Inspiration: Lace topped two-piece dresses from Pinterest. Full length gathered skirt with a cropped, lace top. Scalloped lace at the bodice hem, and ivory fabrics were the priorities.

Lauren's Inspirations

Sketch: After trying on different styles, she had an even clearer idea of what she wanted, so I sketched this to make sure that was the vision in her mind’s eye.


Sketches for Lauren

Pattern: McCalls 6893

McCalls 6893 (skirt and bandeau)McCalls 6893 (lace bodice)

This pattern had the long gathered skirt with a sheer over-layer, a waistband, a sweetheart neckline underneath, and a sheer bodice over layer. By separating the skirt from the bodice at the waistband, we had a two-piece look.


Fabrics: Haberman Fabrics has the most amazing and complete wedding fabrics, supplies, and accessories in Michigan. This is the bridal fabrics room and the wall of laces to choose from!



My friend chose a stunning ivory Chantilly lace with a soft floral pattern and scalloped edge.

Chantilly Lace


We also purchased Silk charmeuse and silk chiffon, lining (nude), silk covered buttons and looping by the yard, and notions.



Construction: I started with the skirt, since that would be the fastest, easiest, and most straight-forward of the ensemble pieces to make.  The only issue I had was the static cling between the chiffon and the charmeuse, making the skirt appear to have a single layer of fabric, rather than two. Careful application (by spraying on my hands and spreading, not directly on the fabric) of sizing/starch seemed to help.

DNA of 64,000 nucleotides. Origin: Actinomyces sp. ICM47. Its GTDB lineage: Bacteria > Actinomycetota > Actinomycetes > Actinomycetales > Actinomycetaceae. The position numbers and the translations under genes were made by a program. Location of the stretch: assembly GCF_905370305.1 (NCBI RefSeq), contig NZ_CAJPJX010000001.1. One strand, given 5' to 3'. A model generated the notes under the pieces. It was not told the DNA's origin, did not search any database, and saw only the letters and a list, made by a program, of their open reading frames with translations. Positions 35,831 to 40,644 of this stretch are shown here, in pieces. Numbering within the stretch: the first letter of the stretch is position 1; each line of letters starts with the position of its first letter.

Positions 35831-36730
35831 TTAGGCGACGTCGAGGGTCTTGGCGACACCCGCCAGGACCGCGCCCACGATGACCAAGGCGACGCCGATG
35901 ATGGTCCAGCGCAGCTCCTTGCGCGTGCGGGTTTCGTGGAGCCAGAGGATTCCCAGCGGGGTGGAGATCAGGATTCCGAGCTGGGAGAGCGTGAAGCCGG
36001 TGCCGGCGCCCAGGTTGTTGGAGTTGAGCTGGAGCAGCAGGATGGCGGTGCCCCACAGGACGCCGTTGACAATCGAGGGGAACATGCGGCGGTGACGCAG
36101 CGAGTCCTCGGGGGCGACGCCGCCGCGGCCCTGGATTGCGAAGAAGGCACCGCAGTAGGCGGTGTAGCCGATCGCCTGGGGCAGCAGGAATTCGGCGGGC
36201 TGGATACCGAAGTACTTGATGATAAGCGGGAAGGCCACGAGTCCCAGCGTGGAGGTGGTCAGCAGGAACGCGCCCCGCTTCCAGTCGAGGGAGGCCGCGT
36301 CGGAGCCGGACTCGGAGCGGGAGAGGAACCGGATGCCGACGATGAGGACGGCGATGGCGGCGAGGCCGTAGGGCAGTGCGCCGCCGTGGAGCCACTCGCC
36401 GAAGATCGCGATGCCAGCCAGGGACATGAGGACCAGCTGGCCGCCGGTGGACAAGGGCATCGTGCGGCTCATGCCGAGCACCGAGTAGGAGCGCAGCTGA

The bride was in need of “something blue”, so I also stitched their wedding date into the waistband.


The sweetheart bandeau was constructed next, and made of silk charmeuse. I shortened the bodice pattern pieces, didn’t use any boning, and used bra closure hooks and eyes for the center back closure.

Silk Bandeau

The lace bodice top was the most detailed and required the most thought and care. The lace alone was too sheer, so by underlining it with chiffon, it still remained sheer but gave the top a much softer look. I was very careful in the placement of the lace motif, using the scalloped edge at the hem and placing the “floral spray” woven into the lace at center front. I hand-stitched the chiffon at the scalloped edge, trimming the excess away, and hand-stitched the neckline, armscye, and all 21 satin buttons at the center back.




The cap sleeve was the last addition, as the bride was really on the fence about having sleeves or not. I drafted them by using the top of the sleeve pattern piece, but only using about 4″ from the cap and leaving the underarm area open. By not adding the chiffon underneath, the sleeves were more sheer, and the scalloped edge gave the top an added soft and feminine touch.



Full Length Front

Full Length Back